Monday 02 December 2013 by FIIG Research Legacy

Investing in mortgages – what are RMBS?

What are Residential Mortgage Backed Securities?

Residential Mortgage Backed Securities (RMBS) are a type of debt security secured by a pool of home loans. RMBS are a subset of a larger group of Asset Backed Securities (ABS) which can be built around many types of cash flow receivables including (but not limited to) residential mortgages, commercial mortgages, credit card payments and auto loans.

Typically home loans are illiquid and private in nature, however by combining them into a large and diversified pool via a trust and then breaking the combined pool into smaller, marketable classes the RMBS become attractive to investors who would otherwise be unable to take exposure to the underlying mortgage sector. The trust raises less debt securities than the total value of the mortgages (the difference being the level of overcapitalisation, and not dissimilar to the concept of gearing).

The concept of breaking the pool into varying classes of securities allows investors with specific risk appetites to target the appropriate class, and thus returns they are seeking. In this way, the classes act like a normal company capital structure, where investors with the lowest risk appetite target the senior bonds (or in the case of RMBS, the highest classes) and those with a higher risk appetite target the lower ranked capital, like hybrids or equity (or in the case of RMBS, the lowest ranking classes).

RMBS come about due to the need of lenders (banks and other financial institutions) to source funding for their lending activities. RMBS provides another source of funding for lenders in addition to customer deposits and corporate borrowings. Virtually all Australian Prudential Regulation Authority (APRA) regulated lenders use RMBS as a source of funding. Investors in RMBS include super funds, insurance companies, high net worth investors, and more recently, the Commonwealth Government. Prior to the financial crisis around 25% of housing credit in Australia was funded through RMBS, and while this level has decreased, RMBS still represents around 10% of housing credit funding in the Australian market.

The RMBS process

Who are the key players in an RMBS transaction?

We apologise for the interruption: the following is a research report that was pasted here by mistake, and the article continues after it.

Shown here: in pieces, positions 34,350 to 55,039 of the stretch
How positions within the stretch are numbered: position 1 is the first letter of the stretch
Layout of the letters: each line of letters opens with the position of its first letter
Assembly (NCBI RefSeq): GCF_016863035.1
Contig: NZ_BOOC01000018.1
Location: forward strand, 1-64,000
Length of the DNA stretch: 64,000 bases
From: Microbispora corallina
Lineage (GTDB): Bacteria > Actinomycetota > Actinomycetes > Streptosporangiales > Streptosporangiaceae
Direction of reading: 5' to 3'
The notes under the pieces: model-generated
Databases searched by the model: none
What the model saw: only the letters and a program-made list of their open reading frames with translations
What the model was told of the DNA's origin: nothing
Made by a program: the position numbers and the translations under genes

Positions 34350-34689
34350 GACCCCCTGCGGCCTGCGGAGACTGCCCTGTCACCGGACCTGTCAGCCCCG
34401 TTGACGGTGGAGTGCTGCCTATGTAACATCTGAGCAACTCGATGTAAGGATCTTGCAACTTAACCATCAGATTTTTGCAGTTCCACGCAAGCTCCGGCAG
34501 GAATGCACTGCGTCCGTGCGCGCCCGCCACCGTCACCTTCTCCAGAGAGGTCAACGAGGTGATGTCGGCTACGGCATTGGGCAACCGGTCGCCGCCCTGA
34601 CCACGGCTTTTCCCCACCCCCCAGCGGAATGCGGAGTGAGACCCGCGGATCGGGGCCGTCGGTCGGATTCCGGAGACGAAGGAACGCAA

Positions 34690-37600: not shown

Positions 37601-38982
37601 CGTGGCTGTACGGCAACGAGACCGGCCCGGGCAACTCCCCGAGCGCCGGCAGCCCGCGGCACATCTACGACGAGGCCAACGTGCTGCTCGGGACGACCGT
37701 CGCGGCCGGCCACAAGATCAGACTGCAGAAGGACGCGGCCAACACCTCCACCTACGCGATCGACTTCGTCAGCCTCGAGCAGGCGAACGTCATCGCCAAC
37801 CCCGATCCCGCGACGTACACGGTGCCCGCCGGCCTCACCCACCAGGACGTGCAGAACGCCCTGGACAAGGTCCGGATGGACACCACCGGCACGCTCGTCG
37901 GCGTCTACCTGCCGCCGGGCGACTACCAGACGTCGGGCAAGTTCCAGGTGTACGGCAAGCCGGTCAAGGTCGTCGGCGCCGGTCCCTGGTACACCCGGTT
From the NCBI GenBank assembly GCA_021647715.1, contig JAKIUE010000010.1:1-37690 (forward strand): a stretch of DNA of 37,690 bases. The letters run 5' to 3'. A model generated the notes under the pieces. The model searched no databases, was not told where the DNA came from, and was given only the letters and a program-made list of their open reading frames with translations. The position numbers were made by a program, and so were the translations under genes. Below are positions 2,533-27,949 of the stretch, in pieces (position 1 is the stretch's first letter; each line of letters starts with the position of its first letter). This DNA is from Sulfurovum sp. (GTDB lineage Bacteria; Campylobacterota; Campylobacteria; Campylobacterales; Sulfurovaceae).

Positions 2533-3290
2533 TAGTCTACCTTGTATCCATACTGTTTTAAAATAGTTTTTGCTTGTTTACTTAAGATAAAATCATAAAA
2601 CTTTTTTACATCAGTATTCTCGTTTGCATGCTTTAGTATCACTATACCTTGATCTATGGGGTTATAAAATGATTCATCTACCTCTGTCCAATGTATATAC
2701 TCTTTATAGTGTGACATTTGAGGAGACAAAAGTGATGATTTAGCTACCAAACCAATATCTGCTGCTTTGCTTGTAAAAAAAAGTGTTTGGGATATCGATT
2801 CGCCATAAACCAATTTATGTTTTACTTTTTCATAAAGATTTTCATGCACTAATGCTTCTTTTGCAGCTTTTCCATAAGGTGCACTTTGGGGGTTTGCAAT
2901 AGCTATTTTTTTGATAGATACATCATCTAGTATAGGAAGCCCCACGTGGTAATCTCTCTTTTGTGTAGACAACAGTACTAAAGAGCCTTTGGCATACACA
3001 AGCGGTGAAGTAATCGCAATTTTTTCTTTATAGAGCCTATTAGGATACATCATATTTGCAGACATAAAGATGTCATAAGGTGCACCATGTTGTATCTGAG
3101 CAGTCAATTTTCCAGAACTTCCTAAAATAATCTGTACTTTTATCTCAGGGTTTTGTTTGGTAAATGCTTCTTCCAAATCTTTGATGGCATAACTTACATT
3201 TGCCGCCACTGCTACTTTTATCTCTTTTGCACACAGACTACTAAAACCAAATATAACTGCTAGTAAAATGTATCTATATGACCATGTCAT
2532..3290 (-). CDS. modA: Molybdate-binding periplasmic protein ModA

There are a number of key players in an RMBS structure. An understanding of these key parties and their roles forms part of the analysis of any RMBS investment.

  • Originator – the originator is the organisation that originates the home loan. In the case of RMBS, examples of originators are banks, credit unions and specialised home loan providers. The quality of the loans within an RMBS is affected by the quality of the lending procedures of the originator, and is taken into account in the assessment of credit ratings and of the quality of the RMBS
  • Trustee – the trustee is the issuer of the bonds
  • Servicer – the key management of the loan pool is undertaken by the servicer. This includes the calculation and charging of fees; interest and principal; the collection of payments (excluding any arrears); issuance of borrower statements; performance reporting on the loan book and monitoring insurance. In addition there is often a ‘special servicer’, usually the originator, which is responsible for entering loan details and settlement
  • Banker – provides banking services to the trust. This may include providing liquidity facilities and interest rate swaps, as well as normal banking services
  • Rating agencies - the rating agencies play a key role in RMBS and in its analysis. The rating agencies get full access to the details of the underlying loans which form the asset pool and undertake detailed analysis of the individual loans. They prepare and issue quarterly statements for investors about the performance of the RMBS

As part of its review, the rating agency will consider the quality and history of the key players in the structure such as the originator, service providers, counterparties, as well as the underlying structures of the cash flow waterfall, and liquidity provisions.